Passenger thoughts on carry-on bags: Wear a helmet

In yesterday’s article “Travelers Weigh in on Policing Carry-ons” in the New York Times, Joe Sharkey said that he received 300 e-mails with complaints about overhead bins and carry-on bags. According to Sharkey, people are fussing right and left regarding other people’s carry-ons.

Reading the responses that Sharkey highlighted reminds me a bit of people’s complaints about other people’s driving. Instead of grousing about the lack of blinker use, people driving too close, people driving too slow in the fast lane, or too fast in the slow lane, or talking on a cell phone instead of paying attention to the road, people are turning other people’s carry-on bags into modern day travel hazards and symbols of human rudeness.

For example, one person suggested that with the amount of stuff people are cramming into overhead bins and the dangers of falling objects, wearing a helmet while flying isn’t a bad idea. He might have a point.

Here’s an idea. Like Sharkey also mentioned, maybe the airlines could rent helmets as a way to make more money. Hard hats, for that matter, could easily be decorated with an airline’s logo.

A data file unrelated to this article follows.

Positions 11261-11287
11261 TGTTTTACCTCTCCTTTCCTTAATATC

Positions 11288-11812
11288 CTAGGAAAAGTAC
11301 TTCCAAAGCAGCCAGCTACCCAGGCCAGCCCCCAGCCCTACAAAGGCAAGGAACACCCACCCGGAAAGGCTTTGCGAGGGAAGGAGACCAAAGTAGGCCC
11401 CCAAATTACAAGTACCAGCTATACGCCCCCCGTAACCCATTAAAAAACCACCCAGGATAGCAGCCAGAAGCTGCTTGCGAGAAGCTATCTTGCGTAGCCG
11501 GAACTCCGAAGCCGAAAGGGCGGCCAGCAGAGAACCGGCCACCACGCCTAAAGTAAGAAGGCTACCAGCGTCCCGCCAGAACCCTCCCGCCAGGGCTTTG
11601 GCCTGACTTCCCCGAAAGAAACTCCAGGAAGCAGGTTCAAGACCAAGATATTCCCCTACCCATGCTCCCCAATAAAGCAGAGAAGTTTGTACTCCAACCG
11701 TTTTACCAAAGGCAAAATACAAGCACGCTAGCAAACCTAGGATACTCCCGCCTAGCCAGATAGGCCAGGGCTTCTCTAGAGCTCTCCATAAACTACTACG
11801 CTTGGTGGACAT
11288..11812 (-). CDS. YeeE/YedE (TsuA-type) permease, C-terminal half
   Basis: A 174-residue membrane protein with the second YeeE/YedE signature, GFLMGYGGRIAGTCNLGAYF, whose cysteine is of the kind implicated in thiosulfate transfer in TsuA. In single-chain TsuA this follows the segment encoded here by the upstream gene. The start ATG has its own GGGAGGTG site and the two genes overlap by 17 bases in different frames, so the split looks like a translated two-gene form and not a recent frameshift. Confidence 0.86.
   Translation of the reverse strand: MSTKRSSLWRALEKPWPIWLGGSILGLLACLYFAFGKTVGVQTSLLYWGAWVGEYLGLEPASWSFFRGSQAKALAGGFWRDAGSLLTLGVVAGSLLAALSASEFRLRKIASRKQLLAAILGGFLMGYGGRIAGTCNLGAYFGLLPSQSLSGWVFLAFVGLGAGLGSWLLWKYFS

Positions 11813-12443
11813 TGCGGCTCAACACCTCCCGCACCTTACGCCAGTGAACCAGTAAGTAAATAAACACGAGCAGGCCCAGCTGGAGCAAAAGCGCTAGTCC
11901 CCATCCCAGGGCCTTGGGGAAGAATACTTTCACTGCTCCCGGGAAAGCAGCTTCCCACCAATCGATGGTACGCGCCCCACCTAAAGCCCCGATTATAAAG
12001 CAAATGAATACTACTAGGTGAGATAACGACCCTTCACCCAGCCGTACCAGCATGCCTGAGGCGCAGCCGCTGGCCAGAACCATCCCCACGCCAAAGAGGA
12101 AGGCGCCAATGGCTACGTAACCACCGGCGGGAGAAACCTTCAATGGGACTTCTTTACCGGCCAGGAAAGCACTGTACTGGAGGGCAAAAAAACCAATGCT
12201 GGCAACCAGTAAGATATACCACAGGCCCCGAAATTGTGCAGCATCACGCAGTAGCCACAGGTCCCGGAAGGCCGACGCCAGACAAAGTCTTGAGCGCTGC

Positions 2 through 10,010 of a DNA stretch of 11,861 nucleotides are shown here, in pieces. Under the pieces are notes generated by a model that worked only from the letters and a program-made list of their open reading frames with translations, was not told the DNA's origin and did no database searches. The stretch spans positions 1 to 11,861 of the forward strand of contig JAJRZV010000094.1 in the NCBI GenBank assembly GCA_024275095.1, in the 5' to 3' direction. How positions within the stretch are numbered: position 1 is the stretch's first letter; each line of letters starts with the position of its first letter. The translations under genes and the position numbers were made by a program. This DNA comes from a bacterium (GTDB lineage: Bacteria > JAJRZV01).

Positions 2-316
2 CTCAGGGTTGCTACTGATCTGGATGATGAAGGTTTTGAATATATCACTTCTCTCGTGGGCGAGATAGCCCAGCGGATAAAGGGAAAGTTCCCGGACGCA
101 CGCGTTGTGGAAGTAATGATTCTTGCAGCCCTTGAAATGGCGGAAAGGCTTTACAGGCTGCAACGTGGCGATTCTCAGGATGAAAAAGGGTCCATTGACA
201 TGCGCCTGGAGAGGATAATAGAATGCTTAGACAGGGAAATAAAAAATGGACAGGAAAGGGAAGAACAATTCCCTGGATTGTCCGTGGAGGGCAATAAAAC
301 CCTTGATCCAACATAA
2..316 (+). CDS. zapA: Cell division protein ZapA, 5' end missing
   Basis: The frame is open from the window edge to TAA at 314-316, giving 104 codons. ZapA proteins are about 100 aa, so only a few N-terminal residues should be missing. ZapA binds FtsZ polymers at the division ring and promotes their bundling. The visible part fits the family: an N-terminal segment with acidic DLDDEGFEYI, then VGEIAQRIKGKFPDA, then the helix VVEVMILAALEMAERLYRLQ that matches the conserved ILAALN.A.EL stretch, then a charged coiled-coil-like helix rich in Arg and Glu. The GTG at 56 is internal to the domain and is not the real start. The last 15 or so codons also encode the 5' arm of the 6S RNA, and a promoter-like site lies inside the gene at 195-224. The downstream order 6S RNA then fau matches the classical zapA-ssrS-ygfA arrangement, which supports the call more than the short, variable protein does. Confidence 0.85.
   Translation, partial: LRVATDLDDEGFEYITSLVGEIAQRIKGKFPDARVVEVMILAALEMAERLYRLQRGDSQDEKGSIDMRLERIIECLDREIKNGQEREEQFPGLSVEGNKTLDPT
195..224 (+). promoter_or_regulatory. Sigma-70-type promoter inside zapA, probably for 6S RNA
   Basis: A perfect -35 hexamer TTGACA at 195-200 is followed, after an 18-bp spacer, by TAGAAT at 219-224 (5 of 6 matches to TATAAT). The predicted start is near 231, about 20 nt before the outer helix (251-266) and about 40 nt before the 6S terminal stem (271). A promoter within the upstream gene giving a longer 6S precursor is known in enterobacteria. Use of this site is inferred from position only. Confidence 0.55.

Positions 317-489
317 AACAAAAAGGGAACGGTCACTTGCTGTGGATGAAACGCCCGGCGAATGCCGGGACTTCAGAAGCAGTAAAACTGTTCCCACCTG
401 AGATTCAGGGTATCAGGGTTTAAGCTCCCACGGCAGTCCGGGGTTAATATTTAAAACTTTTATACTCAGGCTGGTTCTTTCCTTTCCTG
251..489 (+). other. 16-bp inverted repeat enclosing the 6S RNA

Travel Innovators at T&L

Here’s one for travel buffs who are eager to know more about the folks behind the world of travel and tourism. I
didn’t think I’d find this very interesting when I first stumbled upon it over at Travel and Leisure, but I spent some time with it and
think it’s rather cool. The list here of those who are "changing the way you travel in the 21st century"
lists 35 innovators, a wide range of people who’s ideas are having amajor impact on the world of travel.

It’s an impressive group, from the guy who had the brilliant idea that it would be good to provide people with more legroom on airplane flights, to how
we’re going to all be checking email
at 35,00 feet, to a scientist who
developed a non-addictive sleeping pill, and the guys who pioneered building luxury
hotels in unorthodox destinations (about which we’ve blogged several times), it
really is a fascinating look at folks who, in some small (or large) way, affect each of us as we travel.